At TomorrowToday whatever we talk about is done so within the context of how the world is changing. There has been much written about this within the TomorrowToday stable. About how technology, institutional change, demographic change, the economy and social value system change is impacting the world of work. No industry, like no country, is immune to this change. Whether you work in professional services, banking, insurance, manufacturing, even agriculture your businesses as you knew them are under threat. What I am always interested in is how this impacts people. Whether that means your employees or your clients, customers, guests or even patients. In this article I am going to focus on the retail industry; and particularly how mobile and other internet based marketing and buying might impact a) the in-store approach and b) I would like to consider why people would even consider to continue to go in-store, when on-line is often cheaper and more convenient.
The majority of retailers who have shop floors, show rooms and real-life, experiential stores are expected to go on-line (if they have not already) in the very near future. As internet-based retailing is set to expand, there is an expectation that in-store shopping shall become less and less commonplace in all retail environments all over the world. The popularity of on-line shopping is growing exponentially everywhere and South Africa and Africa are no exception. Africa is an important market for South African retailers to consider, as this is the great-untapped market on our doorstep. All South Africa’s biggest grocery retailers are investigating and already moving into Africa. Shoprite, for example opened a store in Kinshasa in the Demographic Republic of Congo, Pick ‘n Pay has stores in Mozambique and Mauritius, Spar is in Zimbabwe and Woolworths has outlined plans to double the number of its stores on the continent to 104 over the next three years.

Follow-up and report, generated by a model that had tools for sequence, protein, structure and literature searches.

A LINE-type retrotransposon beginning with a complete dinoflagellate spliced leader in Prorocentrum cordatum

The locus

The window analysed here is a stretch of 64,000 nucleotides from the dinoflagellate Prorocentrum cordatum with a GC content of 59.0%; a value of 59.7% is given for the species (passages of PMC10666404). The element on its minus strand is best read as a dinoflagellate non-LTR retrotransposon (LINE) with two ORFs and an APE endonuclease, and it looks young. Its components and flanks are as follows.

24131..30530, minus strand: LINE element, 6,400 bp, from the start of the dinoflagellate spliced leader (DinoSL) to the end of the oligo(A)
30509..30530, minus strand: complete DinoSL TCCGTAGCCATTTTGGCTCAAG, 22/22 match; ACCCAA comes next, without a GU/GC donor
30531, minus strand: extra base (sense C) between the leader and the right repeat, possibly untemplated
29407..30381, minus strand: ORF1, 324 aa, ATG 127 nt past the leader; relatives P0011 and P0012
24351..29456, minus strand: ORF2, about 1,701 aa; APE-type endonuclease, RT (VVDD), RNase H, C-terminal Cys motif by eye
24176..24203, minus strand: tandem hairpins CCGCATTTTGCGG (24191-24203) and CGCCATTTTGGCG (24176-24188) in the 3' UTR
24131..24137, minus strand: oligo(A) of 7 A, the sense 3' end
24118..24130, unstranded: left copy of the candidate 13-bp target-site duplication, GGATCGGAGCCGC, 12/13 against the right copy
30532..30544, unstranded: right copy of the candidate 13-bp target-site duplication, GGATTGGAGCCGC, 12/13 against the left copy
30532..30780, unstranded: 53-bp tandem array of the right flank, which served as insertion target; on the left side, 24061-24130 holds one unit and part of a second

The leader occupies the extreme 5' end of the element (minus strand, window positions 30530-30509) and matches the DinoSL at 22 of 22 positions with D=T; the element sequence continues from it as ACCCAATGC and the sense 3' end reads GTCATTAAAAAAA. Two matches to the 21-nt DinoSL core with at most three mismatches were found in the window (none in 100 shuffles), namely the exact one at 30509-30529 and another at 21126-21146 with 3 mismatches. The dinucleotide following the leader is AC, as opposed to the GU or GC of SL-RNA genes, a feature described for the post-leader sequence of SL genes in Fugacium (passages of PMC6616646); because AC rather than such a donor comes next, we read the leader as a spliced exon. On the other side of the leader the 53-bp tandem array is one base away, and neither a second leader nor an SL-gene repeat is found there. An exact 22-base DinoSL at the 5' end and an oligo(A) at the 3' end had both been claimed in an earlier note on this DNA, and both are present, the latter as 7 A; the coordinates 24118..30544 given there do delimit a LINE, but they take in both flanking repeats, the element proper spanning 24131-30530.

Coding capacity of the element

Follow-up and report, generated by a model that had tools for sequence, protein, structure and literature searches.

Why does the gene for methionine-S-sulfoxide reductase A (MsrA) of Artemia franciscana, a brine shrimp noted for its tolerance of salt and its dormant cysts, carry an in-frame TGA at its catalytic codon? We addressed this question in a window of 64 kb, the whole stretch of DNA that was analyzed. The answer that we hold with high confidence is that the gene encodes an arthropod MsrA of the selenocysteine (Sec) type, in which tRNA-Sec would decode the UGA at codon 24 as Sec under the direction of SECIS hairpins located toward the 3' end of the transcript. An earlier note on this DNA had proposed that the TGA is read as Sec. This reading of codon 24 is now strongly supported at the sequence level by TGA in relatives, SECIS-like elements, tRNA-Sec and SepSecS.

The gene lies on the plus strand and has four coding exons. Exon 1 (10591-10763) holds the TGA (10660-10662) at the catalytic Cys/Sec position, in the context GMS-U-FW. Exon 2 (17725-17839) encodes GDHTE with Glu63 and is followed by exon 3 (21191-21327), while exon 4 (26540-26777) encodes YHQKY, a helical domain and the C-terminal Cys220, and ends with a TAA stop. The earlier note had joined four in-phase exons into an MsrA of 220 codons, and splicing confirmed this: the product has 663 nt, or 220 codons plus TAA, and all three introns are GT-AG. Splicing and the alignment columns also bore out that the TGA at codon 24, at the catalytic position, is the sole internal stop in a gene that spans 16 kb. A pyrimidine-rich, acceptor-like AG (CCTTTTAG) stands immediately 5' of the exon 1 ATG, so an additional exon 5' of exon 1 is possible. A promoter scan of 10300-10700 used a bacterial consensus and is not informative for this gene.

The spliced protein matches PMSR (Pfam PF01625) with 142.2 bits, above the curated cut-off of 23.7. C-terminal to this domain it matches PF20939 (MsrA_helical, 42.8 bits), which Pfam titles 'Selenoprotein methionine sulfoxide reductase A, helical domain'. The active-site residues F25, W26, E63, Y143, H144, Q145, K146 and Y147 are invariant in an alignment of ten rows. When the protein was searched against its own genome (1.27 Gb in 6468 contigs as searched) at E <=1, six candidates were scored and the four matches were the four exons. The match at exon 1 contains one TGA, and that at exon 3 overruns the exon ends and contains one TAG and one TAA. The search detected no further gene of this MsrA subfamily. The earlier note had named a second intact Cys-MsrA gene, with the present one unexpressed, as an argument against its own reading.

Initially South African consumers possibly had concerns about the safety of on-line shopping, not wanting to part with their credit card details in cyber space. But as more trust is built, because security violations are the exception rather than the rule, the convenience of on-line shopping prevails. There are an ever-increasing number of people shopping on-line in South Africa and other parts of sub-Saharan Africa, as the Internet is becoming increasingly accessible in the South African and African markets from a cost and availability perspective. According to the International Telecommunication Union, e-commerce activities have increased dramatically particularly in South Africa, Nigeria and Kenya. In South Africa, 51% of people with Internet access shop on-line. Inside the three African countries mentioned above, the number of people with mobile phone subscriptions has now topped 87 million. It would be unwise for any retailer to not engage with their customers on-line, both from a product purchase point of view, from a product offering point of view and from a customer satisfaction point of view. Using the internet and the extraordinary tools it provides, which allows us to communicate globally, quickly, conveniently and transparently, must be a given for retailers especially, who want to maintain relationships with their globally spread consumers.